Classrooms have reemerged as sites of political conflict over discussions about identity — and these tensions are reflected in how public school districts frame their educational values to students, according to an analysis released this week by the Pew Research Center.

Pew found that in Democratic-voting areas, 56% of districts note their diversity, equity, and inclusion efforts in their mission statements. Conversely, only 26% of districts in Republican-voting areas mention such efforts.

The study arrives as lawmakers in GOP-controlled states such as Texas and Florida continue to challenge classroom instruction about race and diversity.

Districts in blue areas use somewhat different language when they talk about these themes. Among the statements referencing the topic of diversity, statements from Democratic-voting areas are much more likely than those from Republican-voting areas to mention terms such as “equity” (51% vs. 25%), “inclusivity” (33% vs. 20%), and “closing [the achievement] gap” (11% vs. 3%).

Given the controversy on the political right around discussing diversity, the differences the analysis highlights aren’t too surprising. But the magnitude of these differences is remarkable, said Aaron Smith, the director of Pew’s Data Labs, the team that produced the new study.

“We didn’t see many differences on some of the other topics we examined. If you look at blue and red districts, in many ways, they look very, very similar. They’re equally likely to say that it’s important to have parental and community involvement in students’ education, for example,” he explained. “And yet, we see this enormous, 30-point gap in terms of districts’ tendency to mention issues around diversity and inclusion.”

Why the gap? Smith cautioned against over-generalizing. After all, the creation processes for the statements varied considerably — a top-down approach versus an approach that included lots of community input.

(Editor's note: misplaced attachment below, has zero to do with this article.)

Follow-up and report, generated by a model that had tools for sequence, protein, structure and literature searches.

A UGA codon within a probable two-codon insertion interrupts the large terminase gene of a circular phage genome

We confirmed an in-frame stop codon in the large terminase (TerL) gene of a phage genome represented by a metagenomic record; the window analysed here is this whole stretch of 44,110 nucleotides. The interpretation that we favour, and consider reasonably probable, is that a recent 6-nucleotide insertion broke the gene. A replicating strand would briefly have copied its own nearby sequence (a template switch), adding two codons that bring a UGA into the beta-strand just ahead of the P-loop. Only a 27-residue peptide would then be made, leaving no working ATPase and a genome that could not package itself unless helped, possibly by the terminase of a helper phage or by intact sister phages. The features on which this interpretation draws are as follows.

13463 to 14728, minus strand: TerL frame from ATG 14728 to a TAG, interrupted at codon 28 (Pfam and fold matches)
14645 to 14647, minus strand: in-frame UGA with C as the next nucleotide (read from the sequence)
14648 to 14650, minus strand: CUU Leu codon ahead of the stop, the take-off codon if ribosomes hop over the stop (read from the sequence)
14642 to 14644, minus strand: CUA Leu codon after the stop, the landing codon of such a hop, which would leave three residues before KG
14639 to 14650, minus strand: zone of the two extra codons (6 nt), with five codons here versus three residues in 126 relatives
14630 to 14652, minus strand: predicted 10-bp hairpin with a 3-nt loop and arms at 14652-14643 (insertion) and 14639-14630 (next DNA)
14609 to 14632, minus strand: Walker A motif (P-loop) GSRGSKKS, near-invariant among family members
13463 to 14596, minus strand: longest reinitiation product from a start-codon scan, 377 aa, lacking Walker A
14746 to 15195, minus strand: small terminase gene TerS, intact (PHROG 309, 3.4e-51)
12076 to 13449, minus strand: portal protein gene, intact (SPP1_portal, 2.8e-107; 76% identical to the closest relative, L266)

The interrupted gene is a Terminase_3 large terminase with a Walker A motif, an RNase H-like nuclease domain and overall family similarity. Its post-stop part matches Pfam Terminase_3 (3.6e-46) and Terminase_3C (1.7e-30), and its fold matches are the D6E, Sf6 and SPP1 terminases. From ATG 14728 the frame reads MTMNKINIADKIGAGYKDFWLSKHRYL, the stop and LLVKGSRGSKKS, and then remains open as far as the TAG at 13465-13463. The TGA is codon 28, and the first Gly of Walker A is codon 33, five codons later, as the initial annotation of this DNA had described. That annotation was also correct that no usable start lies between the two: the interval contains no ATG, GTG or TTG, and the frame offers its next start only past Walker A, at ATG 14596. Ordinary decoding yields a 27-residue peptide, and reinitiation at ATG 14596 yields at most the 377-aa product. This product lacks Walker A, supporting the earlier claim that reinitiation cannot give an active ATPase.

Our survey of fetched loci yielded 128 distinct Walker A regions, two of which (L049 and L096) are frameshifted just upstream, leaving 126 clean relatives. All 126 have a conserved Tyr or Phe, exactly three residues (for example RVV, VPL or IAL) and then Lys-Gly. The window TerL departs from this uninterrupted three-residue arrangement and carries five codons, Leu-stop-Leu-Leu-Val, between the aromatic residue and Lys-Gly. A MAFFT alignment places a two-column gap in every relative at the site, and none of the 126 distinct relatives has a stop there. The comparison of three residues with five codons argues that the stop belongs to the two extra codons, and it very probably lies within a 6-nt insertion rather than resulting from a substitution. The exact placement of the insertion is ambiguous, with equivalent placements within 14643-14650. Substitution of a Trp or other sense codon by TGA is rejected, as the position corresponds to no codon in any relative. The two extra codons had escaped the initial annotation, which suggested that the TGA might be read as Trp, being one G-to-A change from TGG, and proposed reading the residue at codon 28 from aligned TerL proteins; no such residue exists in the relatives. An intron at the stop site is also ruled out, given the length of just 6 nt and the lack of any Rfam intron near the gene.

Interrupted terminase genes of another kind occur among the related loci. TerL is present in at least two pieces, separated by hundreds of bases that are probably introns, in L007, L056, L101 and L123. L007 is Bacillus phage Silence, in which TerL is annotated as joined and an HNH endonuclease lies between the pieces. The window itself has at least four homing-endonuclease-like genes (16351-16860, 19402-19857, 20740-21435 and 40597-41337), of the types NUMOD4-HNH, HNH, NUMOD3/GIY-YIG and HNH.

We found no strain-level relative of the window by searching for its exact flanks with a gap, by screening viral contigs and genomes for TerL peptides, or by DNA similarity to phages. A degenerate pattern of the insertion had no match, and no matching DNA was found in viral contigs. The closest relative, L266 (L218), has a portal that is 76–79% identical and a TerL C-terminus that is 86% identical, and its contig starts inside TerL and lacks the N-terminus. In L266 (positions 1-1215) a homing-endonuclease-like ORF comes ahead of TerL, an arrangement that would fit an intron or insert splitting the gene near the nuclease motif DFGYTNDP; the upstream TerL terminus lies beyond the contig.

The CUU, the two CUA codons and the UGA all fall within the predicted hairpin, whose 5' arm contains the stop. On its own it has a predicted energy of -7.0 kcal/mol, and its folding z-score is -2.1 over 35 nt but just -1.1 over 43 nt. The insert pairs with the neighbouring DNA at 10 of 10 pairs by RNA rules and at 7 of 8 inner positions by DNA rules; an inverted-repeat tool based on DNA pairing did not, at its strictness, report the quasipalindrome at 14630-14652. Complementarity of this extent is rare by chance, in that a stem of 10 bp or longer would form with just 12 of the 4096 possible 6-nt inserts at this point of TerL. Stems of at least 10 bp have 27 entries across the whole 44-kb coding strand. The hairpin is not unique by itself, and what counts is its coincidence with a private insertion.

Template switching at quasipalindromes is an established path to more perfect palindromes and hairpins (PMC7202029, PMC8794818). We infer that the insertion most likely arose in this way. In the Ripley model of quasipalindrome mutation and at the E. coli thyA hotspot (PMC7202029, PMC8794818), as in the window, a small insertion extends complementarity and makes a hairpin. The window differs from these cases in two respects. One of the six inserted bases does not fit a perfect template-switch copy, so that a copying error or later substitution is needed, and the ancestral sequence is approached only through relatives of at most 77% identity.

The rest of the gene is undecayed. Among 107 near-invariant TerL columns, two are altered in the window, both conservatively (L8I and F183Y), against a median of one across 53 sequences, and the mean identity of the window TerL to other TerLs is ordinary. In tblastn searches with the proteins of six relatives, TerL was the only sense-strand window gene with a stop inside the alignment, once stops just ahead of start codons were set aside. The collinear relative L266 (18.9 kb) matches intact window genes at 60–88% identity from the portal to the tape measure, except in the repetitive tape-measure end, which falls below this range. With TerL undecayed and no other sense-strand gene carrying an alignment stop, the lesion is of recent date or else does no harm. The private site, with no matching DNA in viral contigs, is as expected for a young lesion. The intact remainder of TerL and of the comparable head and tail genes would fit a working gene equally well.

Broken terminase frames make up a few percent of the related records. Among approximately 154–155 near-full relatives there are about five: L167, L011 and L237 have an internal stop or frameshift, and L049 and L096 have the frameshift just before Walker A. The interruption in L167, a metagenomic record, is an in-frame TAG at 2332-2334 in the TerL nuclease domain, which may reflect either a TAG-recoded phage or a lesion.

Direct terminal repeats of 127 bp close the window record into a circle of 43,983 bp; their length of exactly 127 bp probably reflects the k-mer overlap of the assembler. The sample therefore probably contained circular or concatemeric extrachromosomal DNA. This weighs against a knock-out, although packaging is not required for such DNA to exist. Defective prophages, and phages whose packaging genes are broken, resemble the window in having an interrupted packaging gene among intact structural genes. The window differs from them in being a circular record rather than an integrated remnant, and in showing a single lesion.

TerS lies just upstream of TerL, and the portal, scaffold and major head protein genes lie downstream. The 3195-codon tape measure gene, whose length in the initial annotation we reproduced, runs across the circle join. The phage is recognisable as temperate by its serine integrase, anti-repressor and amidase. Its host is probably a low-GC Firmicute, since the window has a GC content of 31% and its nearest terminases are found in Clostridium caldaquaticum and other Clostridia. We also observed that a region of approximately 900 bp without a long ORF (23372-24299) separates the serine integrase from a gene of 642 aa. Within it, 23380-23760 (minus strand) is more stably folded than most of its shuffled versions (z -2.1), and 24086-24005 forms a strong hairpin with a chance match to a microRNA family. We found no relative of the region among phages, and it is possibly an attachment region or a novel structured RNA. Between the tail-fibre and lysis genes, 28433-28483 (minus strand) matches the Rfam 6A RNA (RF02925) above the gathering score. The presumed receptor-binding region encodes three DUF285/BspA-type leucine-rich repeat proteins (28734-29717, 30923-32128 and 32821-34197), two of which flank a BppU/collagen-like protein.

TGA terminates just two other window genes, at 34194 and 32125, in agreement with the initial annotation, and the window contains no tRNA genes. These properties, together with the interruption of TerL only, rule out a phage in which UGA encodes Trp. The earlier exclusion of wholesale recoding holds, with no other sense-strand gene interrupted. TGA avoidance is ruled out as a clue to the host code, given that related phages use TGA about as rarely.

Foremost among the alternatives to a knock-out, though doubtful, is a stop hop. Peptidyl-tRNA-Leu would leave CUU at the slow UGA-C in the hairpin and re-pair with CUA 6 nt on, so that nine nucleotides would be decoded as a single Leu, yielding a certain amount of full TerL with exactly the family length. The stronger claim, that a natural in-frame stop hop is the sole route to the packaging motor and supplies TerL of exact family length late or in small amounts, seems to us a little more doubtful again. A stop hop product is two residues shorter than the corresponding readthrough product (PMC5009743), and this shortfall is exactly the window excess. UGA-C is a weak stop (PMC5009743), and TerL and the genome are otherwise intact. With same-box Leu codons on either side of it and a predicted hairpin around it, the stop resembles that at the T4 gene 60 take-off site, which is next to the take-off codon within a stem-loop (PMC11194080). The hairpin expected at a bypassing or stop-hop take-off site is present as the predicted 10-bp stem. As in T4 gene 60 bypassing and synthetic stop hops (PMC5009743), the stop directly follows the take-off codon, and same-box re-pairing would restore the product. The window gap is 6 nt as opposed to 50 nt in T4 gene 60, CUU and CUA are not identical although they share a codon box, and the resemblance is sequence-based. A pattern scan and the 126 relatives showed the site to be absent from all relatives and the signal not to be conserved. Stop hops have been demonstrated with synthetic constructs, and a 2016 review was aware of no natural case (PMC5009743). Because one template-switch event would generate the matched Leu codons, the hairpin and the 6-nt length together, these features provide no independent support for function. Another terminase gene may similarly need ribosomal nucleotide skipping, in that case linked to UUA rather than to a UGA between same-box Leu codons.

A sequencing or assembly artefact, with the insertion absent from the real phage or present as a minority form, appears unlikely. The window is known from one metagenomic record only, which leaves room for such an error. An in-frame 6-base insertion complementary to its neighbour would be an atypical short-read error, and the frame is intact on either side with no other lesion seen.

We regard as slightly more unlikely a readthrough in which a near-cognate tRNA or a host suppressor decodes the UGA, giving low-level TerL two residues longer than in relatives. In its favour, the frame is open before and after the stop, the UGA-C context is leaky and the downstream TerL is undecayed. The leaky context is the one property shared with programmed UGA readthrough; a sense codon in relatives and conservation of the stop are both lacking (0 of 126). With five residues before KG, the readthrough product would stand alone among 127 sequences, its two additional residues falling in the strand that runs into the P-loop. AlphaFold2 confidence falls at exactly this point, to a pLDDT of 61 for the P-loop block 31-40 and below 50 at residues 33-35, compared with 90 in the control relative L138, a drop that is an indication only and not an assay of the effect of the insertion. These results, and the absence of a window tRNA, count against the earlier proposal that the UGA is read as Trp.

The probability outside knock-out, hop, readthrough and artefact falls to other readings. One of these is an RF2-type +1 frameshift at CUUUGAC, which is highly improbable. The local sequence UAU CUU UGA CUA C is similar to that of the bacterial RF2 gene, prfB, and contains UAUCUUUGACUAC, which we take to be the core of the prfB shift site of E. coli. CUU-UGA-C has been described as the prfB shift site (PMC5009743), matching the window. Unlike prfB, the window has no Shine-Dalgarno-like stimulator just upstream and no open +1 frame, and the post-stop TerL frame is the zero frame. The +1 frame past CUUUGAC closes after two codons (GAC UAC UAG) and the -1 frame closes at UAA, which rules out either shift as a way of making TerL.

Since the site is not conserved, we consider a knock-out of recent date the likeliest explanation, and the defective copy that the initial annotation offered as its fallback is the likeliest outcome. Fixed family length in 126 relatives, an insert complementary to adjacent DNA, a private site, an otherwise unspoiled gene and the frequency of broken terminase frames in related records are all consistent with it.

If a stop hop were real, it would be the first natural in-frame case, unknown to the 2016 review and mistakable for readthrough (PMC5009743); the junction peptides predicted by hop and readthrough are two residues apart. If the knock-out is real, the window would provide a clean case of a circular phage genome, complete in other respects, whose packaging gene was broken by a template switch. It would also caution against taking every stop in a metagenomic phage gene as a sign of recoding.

Still, he said that one thing that comes through in some of the public opinion work his colleagues have done is the fact that Democratic and Republican parents have dueling views on what sorts of subjects ought to be discussed in schools.

“So, in a certain sense, these differences are at least somewhat reflective of the values or priorities of parents,” Smith said. “Whether that’s actually driving any of those differences is something I can’t really say, based on the way we did this study. But it certainly is indicative of a set of political views and values that run deeper than just the school level or the government level.”

In short, some topics — students should be prepared to go out into the world, students should be safe while they’re at school — cause little confrontation. Others — race, gender — are fiercely contested.

Yet having a school environment that actively embraces diversity matters.

Marvin Lynn, a former elementary school teacher in Chicago Public Schools and New York City Public Schools and currently the dean of the School of Education and Human Development at the University of Colorado Denver, explained that culturally responsive instruction has a very positive impact on the learning of students of color — particularly Black students.

“For districts to turn away from these ideas for political reasons is, I think, to turn away from our students,” he said. “It’s a negation of our history as a diverse country with a lot of significant challenges relating to issues of slavery and conquest and so on.”

Some states, such as Florida, where Republican Gov. Ron DeSantis has waged war on critical race theory and AP African American Studies, are pretending via political mandate that this history simply doesn’t exist, Lynn added. As a result, they’re ignoring students of color and elevating white students.

“This [maneuvering] is a way to protect the emotions of white students and parents and at the same time completely disregard the history and life experiences of others,” he said. “I see this as divisive — and, ultimately, ruinous for the academic achievement of students of color.”

The data collection for Pew’s analysis was conducted in November 2022 and based on more than 1,300 statements that are publicly available on district websites.

Brandon Tensley is Capital B's national politics reporter.